BP invests £19.5m in innovative pilot plant for ‘unrecyclable’ plastics

Pictured: Bales of crushed blue PET bottles. Image: Michal Manas/CC-BY-3.0

Called BP Infinia, the technology enables PET plastic waste which is either considered low value or is not detected in traditional recycling facilities due to its colour to be recycled.

BP claims this focus could be particularly useful in diverting plastic bottles and trays from landfill and incineration. Of the 27 million tonnes of PET used annually in beverage and rigid food packaging, 23 million tonnes is used in bottles, and less than 60% of those bottles, by weight, are recycled.

According to BP, Infinia could be the solution to the remaining 40% of those bottles, as the process results in a feedstock which is “interchangeable” with virgin, fossil-fuel-based plastics. This quality means the feedstock can be used in new, food-grade packaging, which, in turn, is recyclable through Infinia.

Infinia works by depolymerising plastics, breaking the materials down into monomers – namely terephthalic acid and monoethylene glycol. The monomers are then purified, ready for reuse.

BP has backed the innovation with a $25m (£19.5m) investment, which will be used to develop and launch a pilot recycling plant in Naperville, Illinois. The facility is due to open in the latter half of 2020. Should it prove successful and further plants be opened, BP believes the technology could deal with billions of pieces of food and beverage packaging per year.

“BP is committed to fully developing and commercialising this technology; we have long experience and a proven track record of scaling technology and we firmly believe that this innovation can ultimately contribute to making all types of polyester waste infinitely recyclable,” BP’s vice president of petrochemicals technology, licensing and business development Charles Damianides said.

Closing the loop or a downward spiral?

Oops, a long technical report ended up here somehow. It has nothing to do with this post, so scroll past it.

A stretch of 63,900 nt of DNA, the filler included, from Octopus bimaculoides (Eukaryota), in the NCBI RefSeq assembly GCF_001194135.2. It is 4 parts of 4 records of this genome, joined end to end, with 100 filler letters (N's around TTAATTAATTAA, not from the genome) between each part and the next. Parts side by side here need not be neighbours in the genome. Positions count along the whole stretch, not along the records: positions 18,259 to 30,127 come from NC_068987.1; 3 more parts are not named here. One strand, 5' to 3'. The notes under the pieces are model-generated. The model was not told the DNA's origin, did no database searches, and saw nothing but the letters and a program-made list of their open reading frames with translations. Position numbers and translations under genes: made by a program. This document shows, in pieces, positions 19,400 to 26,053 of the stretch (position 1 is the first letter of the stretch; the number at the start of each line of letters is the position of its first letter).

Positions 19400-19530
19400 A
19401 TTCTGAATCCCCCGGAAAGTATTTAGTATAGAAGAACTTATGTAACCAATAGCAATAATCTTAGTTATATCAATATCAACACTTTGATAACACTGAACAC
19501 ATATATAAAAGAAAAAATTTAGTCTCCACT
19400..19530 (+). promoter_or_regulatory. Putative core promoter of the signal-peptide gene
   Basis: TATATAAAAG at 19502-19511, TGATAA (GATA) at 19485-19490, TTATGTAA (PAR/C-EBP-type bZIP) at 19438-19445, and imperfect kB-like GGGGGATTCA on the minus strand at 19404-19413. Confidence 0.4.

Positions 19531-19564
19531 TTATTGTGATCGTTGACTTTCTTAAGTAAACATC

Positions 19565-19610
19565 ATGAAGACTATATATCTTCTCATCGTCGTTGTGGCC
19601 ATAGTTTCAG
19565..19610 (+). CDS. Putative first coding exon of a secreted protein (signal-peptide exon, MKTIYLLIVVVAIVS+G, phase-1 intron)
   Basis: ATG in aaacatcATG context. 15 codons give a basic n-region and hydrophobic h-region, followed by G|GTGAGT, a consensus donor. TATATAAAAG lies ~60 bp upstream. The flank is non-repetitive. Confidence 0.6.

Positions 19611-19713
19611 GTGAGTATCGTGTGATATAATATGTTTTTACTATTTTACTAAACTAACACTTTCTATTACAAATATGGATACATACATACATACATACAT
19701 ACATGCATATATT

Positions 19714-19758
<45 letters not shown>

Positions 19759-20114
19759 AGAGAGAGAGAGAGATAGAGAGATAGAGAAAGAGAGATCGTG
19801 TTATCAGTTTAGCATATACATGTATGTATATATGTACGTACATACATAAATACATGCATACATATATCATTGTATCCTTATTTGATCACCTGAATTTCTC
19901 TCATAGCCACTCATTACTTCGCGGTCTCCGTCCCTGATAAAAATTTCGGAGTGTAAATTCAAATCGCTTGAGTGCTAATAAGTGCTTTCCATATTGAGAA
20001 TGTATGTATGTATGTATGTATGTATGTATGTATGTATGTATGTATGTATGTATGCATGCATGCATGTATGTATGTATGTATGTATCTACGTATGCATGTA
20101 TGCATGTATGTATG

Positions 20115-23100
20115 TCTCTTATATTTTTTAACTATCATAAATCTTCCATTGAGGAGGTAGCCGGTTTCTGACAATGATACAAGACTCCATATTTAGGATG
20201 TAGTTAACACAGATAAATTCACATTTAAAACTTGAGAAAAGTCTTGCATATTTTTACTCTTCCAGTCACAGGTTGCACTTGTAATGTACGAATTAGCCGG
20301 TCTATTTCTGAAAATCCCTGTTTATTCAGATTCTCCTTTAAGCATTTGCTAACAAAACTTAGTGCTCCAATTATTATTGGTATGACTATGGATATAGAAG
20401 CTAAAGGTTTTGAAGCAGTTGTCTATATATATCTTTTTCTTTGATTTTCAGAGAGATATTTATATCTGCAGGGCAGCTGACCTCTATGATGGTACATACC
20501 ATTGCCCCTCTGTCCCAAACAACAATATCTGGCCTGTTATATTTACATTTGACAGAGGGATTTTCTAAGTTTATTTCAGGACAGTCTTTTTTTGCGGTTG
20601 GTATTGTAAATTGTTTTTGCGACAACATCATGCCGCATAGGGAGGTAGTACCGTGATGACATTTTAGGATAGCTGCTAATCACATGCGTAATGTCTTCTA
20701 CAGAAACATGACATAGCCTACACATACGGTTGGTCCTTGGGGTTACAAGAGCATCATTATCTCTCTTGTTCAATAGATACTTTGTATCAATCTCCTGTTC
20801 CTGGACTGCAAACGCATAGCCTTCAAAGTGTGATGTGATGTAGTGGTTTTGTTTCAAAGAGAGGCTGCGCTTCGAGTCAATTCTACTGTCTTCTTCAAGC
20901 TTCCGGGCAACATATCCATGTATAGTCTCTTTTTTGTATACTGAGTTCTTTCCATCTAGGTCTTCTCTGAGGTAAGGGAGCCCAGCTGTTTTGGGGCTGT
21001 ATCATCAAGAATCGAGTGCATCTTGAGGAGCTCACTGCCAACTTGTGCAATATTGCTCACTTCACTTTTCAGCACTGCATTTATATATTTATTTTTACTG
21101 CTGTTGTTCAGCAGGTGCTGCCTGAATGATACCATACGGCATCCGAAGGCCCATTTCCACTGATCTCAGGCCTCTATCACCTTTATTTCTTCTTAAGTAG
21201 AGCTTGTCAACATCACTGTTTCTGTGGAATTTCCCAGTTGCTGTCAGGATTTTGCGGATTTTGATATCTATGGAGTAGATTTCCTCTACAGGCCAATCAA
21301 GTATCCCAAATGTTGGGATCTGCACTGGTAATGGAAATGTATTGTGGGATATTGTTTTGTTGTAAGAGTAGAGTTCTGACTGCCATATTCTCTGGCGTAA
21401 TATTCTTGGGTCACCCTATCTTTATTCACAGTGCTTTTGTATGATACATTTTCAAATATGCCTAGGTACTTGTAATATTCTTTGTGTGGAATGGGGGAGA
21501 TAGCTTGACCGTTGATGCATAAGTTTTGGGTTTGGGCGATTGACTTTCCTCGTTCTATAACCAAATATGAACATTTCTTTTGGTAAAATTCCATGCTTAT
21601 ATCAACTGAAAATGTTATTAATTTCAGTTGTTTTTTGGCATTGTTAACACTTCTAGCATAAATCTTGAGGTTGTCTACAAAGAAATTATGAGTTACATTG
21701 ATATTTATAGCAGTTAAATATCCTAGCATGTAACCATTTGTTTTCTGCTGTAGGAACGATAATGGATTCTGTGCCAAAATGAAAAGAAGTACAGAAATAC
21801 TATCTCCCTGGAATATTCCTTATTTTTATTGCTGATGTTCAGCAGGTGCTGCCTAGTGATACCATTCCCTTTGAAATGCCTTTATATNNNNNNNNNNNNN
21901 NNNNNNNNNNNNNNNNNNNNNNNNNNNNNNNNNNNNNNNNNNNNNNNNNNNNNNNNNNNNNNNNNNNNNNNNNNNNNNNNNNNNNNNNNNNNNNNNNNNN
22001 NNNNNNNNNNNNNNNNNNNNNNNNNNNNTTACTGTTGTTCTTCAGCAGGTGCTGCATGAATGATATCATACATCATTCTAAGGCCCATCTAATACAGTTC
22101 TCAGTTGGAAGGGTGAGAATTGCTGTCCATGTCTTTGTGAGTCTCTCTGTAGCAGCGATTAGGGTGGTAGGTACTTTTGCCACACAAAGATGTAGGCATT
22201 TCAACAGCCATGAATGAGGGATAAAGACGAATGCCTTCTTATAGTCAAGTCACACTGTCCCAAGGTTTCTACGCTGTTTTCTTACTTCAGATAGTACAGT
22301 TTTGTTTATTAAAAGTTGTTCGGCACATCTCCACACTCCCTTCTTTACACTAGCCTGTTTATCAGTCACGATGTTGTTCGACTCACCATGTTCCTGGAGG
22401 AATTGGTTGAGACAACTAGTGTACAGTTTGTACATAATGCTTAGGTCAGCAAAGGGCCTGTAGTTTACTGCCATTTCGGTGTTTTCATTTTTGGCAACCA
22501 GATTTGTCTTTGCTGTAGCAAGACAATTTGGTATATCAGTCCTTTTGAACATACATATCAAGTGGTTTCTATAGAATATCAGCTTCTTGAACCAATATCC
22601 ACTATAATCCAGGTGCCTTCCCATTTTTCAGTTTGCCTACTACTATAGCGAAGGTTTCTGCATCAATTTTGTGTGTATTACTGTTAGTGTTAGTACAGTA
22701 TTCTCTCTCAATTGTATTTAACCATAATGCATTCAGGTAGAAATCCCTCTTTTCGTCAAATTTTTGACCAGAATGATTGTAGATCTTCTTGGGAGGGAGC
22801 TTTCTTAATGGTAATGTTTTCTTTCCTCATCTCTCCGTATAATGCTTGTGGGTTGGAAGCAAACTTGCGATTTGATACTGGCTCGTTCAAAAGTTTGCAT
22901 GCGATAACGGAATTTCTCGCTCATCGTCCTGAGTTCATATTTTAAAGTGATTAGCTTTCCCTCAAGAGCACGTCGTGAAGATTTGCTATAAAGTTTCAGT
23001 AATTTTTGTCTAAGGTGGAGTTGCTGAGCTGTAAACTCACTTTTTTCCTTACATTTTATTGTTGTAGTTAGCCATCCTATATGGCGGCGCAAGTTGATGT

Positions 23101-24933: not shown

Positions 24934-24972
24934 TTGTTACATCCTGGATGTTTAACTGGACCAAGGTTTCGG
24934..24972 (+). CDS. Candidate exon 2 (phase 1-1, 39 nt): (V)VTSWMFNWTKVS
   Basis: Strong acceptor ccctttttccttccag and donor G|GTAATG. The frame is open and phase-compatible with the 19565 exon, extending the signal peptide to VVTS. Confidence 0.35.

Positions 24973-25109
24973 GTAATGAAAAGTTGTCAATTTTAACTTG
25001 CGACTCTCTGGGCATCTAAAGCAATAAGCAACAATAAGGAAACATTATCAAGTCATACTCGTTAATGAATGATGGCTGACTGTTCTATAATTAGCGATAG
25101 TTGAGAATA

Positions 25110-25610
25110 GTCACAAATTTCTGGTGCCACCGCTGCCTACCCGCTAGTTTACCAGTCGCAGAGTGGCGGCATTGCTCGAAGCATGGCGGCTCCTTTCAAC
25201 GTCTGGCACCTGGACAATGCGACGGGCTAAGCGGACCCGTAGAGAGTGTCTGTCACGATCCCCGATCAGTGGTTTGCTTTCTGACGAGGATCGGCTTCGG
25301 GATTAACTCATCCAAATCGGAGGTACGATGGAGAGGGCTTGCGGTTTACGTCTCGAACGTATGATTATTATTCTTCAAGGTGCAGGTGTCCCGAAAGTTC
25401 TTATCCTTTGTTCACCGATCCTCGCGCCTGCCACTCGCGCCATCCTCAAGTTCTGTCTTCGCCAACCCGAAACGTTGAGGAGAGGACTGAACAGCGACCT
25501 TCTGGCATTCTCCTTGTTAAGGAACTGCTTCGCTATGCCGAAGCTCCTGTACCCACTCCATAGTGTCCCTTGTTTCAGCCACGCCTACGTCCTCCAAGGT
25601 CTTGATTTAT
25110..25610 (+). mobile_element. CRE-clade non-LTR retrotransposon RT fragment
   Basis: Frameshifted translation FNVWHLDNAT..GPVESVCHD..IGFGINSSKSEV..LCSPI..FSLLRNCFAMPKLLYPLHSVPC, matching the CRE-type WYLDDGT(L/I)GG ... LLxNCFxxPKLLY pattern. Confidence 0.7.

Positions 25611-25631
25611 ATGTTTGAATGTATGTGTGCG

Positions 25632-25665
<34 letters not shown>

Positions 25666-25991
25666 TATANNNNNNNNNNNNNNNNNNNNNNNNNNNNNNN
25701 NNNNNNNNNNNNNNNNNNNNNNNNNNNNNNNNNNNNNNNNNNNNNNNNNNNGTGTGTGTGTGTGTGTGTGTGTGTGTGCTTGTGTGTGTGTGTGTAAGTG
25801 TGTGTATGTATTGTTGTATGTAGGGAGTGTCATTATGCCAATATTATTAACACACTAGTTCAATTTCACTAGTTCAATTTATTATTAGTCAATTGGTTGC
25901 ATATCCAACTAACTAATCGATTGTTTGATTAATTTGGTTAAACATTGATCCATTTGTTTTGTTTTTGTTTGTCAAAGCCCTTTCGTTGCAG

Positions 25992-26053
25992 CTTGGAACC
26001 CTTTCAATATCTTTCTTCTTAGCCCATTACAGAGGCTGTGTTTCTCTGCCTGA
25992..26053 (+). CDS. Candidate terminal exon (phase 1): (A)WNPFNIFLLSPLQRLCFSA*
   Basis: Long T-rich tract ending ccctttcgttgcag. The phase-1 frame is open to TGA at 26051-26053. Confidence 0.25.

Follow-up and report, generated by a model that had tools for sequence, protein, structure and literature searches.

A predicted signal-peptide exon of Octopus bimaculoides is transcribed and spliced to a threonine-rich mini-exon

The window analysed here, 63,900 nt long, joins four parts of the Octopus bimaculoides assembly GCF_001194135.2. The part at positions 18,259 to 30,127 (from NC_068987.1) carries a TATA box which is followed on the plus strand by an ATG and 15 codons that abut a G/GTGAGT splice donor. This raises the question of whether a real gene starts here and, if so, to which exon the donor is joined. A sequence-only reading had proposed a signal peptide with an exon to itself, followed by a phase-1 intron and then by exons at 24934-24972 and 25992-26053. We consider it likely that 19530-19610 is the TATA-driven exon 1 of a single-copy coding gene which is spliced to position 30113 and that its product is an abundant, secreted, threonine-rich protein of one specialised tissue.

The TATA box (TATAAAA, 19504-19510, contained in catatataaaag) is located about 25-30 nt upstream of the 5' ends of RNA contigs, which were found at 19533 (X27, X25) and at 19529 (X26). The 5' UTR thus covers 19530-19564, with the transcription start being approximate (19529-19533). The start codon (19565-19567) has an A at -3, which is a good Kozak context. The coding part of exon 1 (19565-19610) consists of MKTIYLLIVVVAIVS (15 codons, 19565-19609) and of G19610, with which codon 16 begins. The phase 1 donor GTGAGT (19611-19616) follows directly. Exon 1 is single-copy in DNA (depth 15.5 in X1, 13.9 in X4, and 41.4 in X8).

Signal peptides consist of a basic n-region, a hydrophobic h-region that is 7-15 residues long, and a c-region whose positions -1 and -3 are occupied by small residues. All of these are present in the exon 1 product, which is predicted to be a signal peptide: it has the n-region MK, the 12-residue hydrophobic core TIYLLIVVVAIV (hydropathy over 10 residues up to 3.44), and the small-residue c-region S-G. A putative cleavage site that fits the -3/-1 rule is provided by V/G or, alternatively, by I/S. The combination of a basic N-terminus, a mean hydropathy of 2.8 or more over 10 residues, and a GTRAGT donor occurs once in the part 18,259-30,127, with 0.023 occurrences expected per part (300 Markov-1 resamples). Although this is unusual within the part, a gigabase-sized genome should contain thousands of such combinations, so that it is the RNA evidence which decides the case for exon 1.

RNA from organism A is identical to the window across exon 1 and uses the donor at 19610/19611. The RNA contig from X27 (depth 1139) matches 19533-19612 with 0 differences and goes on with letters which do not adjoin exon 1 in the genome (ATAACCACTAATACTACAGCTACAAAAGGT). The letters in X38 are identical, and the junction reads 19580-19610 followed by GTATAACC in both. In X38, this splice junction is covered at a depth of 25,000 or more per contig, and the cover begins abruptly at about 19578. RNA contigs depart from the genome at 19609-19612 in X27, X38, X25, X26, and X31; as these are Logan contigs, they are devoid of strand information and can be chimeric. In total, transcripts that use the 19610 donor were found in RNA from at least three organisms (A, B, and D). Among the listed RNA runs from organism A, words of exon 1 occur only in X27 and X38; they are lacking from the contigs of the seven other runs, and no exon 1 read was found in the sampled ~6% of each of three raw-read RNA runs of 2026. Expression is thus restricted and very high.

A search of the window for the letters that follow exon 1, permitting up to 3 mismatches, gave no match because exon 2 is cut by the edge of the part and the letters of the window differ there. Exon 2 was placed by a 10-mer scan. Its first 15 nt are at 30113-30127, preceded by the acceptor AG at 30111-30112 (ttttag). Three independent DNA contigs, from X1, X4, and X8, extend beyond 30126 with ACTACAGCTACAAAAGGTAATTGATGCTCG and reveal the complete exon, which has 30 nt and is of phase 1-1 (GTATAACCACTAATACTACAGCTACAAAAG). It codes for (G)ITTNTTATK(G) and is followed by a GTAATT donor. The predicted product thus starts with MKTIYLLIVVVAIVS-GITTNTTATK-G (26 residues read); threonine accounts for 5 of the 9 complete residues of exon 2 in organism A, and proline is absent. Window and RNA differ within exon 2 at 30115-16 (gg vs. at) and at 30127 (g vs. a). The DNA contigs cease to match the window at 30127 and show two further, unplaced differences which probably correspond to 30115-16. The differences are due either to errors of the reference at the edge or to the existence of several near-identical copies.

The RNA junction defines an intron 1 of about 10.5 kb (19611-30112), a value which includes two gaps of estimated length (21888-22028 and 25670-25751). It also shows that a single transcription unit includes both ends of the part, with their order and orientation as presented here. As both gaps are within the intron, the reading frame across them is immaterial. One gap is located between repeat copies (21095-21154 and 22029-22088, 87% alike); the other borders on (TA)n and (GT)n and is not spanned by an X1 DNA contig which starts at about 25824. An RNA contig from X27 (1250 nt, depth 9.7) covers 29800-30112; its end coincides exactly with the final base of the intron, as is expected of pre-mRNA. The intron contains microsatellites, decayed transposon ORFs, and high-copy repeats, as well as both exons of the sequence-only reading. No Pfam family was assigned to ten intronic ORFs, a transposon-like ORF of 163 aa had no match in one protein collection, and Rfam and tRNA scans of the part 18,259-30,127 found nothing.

With public and policy interest still firmly fixed on the global plastics pollution problem in the wake of Blue Planet 2, BP is among several major corporates to have invested in innovative recycling technologies in recent months.

Waste infrastructure firm Peel Environmental, energy-from-waste firm Waste2Tricity and utility PowerHouse energy have jointly invested £130m to develop a network of 10 plastic-to-hydrogen recycling plants across the UK, for example.

Elsewhere, Tesco has this year inked a deal with Swindon-based recycling firm Recycling Technologies to trial an innovative system that converts soft plastics back into oil, while Nestle and Procter and Gamble (P&G) have made considerable investments into US-based recycling innovation firm PureCycle, which purports to restore recycled plastic streams to ‘near-virgin’ quality.

Given that recycling rates for plastics have stagnated in recent years in the UK and beyond, these investments have widely been touted as potential solutions.

But consumer trust in recycling is also falling, with only 9% of all plastics ever made having been recycled successfully, and with the global plastics recycling industry continually being found to be rife with waste crimes and human rights abuses.

As a result, calls for businesses not just to develop recyclable plastic and recycling technologies, but to move away from plastics altogether, have been mounting. Packaging industry body Pro Carton’s recent survey of 7,000 consumers, for example, found that 92% would prefer to buy a plastic-free unit of their favourite product than one housed in plastic, and that 82% believe the amount of plastics brands use to house food and drinks should be “drastically reduced”.

Responding to BP’s Infinia announcement, Greenpeace’s oceans campaign director John Hocevar said: “This is a desperate attempt from a plastic polluter to ensure it can continue making profits off of plastics.

“This attempt to greenwash the continued use of toxic plastics is par for the course. If the company truly cared about keeping our planet free from single-use plastics, it would stop producing them rather than proclaiming a yet to be built pilot facility will solve the problem.” 

Sarah George

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